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Woman of the Century/Cornelia Collins Hussey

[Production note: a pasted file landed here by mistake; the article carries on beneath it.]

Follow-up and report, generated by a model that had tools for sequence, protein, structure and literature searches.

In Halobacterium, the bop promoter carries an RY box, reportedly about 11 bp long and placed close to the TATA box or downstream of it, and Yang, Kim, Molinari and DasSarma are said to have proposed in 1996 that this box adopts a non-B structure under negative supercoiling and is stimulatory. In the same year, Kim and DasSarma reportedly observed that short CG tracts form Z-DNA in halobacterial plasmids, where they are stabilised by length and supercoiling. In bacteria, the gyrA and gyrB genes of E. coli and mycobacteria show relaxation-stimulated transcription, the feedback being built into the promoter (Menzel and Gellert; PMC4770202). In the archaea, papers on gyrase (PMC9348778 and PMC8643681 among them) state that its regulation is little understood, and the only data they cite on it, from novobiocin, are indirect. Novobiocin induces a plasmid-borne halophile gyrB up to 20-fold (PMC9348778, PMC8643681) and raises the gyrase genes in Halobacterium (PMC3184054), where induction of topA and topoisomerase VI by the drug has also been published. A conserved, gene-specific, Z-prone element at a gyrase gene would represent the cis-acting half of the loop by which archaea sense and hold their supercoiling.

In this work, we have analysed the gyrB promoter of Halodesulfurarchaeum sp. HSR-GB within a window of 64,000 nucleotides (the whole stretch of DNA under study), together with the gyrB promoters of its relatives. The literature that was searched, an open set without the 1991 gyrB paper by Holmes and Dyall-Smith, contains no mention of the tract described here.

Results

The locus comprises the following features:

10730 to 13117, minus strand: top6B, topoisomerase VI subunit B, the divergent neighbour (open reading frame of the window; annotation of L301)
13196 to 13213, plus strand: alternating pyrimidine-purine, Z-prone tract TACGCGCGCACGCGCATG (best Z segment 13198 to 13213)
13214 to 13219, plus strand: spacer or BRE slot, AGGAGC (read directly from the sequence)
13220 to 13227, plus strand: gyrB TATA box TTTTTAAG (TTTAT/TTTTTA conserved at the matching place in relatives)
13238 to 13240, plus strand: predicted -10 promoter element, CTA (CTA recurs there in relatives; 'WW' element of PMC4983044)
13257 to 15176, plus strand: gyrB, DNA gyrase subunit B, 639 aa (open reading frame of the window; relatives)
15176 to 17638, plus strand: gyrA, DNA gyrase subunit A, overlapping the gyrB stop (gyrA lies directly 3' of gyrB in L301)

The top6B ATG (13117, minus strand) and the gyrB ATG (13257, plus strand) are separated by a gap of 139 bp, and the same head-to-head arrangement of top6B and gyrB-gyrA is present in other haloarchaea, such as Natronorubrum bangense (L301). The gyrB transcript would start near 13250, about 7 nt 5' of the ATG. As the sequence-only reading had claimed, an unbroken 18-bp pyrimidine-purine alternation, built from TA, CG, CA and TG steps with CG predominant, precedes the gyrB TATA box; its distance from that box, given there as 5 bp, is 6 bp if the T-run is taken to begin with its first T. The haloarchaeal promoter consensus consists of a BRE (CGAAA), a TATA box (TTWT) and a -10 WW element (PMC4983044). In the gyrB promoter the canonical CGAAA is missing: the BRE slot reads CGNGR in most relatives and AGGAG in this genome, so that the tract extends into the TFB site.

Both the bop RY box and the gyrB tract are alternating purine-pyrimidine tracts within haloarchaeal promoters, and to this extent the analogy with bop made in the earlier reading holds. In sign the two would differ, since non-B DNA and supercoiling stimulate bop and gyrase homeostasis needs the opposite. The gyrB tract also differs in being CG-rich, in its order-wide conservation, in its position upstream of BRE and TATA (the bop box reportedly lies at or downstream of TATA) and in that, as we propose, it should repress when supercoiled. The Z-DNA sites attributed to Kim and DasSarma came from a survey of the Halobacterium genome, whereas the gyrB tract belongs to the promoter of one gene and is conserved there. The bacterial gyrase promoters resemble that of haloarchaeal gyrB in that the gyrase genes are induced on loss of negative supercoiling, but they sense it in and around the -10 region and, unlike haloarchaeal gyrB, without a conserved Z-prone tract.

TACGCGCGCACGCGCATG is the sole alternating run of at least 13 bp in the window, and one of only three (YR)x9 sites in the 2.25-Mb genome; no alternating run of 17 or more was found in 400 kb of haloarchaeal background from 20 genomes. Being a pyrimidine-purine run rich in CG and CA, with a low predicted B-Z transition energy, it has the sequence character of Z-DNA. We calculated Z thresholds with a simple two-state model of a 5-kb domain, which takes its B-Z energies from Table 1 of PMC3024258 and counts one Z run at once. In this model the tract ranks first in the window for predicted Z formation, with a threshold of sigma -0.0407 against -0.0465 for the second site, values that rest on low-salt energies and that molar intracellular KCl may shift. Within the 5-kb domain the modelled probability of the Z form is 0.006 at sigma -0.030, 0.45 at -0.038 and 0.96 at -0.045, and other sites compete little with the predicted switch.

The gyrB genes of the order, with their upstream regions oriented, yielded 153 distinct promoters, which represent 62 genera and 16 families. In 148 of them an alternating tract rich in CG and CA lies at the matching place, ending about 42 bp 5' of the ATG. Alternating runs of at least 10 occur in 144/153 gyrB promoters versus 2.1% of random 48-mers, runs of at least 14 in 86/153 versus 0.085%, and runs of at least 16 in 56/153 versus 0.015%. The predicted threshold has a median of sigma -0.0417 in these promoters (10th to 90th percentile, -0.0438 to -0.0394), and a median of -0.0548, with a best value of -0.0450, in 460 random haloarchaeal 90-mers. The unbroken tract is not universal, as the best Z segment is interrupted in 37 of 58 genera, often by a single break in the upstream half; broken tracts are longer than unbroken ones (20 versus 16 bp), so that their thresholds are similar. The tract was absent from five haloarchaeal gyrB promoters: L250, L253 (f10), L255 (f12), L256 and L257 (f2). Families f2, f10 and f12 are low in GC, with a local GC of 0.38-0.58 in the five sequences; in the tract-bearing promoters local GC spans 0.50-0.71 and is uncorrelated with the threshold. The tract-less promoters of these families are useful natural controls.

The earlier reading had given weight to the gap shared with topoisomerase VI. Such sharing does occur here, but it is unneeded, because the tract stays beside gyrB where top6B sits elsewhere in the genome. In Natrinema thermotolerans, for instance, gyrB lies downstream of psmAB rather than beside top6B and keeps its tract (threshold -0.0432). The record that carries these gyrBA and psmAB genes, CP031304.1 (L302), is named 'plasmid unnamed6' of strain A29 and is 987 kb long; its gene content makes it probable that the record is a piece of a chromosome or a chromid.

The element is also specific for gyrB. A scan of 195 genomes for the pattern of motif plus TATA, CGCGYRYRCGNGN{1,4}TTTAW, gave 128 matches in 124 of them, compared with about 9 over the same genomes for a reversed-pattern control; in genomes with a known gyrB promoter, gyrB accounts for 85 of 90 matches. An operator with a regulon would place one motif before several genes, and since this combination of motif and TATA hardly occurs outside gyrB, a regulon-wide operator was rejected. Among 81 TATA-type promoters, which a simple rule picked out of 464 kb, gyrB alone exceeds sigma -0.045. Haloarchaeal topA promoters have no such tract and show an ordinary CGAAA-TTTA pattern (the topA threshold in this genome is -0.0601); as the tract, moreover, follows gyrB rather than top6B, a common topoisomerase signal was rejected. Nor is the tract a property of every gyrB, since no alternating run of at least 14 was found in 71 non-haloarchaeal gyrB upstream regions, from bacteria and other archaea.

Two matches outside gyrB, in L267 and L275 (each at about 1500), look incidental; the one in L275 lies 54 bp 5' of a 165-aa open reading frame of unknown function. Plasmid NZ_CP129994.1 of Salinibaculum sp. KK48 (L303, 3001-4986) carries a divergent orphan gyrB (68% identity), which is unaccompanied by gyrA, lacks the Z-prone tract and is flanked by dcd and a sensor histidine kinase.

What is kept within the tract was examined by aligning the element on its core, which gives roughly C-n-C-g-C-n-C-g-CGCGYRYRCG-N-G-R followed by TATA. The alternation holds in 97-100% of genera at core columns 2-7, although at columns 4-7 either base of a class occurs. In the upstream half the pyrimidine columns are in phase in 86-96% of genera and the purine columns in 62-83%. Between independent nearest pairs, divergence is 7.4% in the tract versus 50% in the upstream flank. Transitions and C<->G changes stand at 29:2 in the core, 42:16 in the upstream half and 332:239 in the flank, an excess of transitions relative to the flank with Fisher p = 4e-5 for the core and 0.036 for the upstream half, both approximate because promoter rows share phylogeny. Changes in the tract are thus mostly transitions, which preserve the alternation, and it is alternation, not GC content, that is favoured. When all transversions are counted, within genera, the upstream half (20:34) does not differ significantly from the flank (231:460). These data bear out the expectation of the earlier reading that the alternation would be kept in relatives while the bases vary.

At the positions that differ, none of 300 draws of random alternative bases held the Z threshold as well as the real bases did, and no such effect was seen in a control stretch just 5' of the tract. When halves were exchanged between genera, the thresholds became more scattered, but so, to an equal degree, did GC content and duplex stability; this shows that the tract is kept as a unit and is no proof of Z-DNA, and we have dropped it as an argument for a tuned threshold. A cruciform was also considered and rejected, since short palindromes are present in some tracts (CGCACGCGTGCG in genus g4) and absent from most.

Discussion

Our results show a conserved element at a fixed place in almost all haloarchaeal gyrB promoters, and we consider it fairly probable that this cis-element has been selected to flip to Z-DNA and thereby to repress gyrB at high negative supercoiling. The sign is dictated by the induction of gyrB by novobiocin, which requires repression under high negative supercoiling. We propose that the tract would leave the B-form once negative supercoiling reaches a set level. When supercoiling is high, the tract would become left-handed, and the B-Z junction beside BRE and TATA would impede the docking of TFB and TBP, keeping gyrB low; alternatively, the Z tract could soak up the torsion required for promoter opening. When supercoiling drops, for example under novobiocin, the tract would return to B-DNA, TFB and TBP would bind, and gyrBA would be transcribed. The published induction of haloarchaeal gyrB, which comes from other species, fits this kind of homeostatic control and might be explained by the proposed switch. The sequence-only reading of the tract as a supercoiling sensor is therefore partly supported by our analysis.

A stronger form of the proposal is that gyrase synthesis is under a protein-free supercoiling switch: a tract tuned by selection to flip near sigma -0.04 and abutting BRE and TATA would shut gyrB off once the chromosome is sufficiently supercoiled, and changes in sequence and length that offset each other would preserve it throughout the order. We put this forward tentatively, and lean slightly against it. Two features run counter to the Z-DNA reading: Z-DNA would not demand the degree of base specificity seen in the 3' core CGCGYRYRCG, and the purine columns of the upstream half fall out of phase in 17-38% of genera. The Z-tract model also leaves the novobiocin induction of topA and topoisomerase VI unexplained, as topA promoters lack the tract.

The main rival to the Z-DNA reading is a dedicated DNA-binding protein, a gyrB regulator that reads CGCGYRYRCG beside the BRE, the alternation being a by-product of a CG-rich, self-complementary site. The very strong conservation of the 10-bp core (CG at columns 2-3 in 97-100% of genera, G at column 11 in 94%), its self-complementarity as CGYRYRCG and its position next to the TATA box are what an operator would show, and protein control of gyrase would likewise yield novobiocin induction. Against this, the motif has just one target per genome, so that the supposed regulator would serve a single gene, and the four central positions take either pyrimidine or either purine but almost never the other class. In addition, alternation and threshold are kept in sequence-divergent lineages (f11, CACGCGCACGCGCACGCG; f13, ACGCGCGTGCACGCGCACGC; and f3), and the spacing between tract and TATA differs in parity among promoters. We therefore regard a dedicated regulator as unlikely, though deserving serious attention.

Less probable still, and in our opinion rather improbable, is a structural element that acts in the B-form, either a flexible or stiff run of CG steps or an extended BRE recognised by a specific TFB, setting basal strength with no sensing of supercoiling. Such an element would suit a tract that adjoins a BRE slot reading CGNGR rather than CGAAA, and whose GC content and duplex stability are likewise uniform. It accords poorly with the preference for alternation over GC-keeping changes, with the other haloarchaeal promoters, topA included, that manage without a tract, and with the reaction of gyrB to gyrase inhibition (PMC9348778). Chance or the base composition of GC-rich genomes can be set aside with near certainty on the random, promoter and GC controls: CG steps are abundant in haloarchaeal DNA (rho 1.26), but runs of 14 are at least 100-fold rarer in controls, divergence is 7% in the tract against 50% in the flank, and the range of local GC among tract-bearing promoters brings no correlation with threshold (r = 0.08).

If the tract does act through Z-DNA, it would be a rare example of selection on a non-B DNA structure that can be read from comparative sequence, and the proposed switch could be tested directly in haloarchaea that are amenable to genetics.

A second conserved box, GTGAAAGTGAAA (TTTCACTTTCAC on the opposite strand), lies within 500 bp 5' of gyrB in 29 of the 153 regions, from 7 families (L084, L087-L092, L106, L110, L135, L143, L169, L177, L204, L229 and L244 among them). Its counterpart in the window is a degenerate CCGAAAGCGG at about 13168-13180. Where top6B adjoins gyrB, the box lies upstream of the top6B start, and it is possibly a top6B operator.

CORNELIA COLLINS HUSSEY A woman of the century (page 418 crop).jpgCORNELIA COLLINS HUSSEY. HUSSEY, Mrs. Cornelia Collins, philanthropist, born in New York in 1827. Her maiden name was Collins. She is a member of the Society of Friends, to which sect her family have belonged for several generations. In early years she was in sympathy with the anti-slavery movement, and before reaching her majority became a manager of the Colored Orphan Asylum in her native city. In 1851 Miss Collins became the wife of William H. Hussey, of New Bedford, a man of similar tendencies with herself. About that time she became acquainted with Dr. Elizabeth Blackwell, who had just settled in medical practice in New York. Dr. Blackwell became Mrs. Hussey 's medical adviser, and some years afterwards, in cooperation with her and several other ladies and gentlemen, among whom was the late Cyrus W. Field, she formed a body of trustees for the New York Infirmary for Women and Children. The purpose of that society was to give poor women medical treatment at the hands of their own sex. From that hospital was developed in the course of time a medical college for women. Later Mrs. Hussey's only daughter studied her profession first in the college and then in the infirmary. The family moved to Orange, N. J. As her children grew up, Mrs. Hussey took an active interest in the woman suffrage agitation, and became a member of the executive committee of the American Suffrage Association, and subsequently, on the request of Miss Anthony, she was made vice-president for New Jersey of the National Suffrage Association. She retained those positions during a number of years. In 1876 efforts were made in several large cities to permit the licensing of the social evil, and Mrs. Hussey, always interested in efforts for social purity, was chosen secretary of the committee formed to oppose such evil legislation. When that work had been brought to a successful termination, Mrs. Hussey became interested in the claim of Miss Anna Ella Carroll for a government pension, on account of services rendered during the war and her plans of the Tennessee campaign. Through her efforts considerable sums of money were raised by private subscription, and articles were published in some of the leading magazines on the work of Miss Carroll. During the last twenty years Mrs. Hussey has contributed numerous articles to the " Woman's Journal " and various other reform periodicals, as well as to the papers of her State.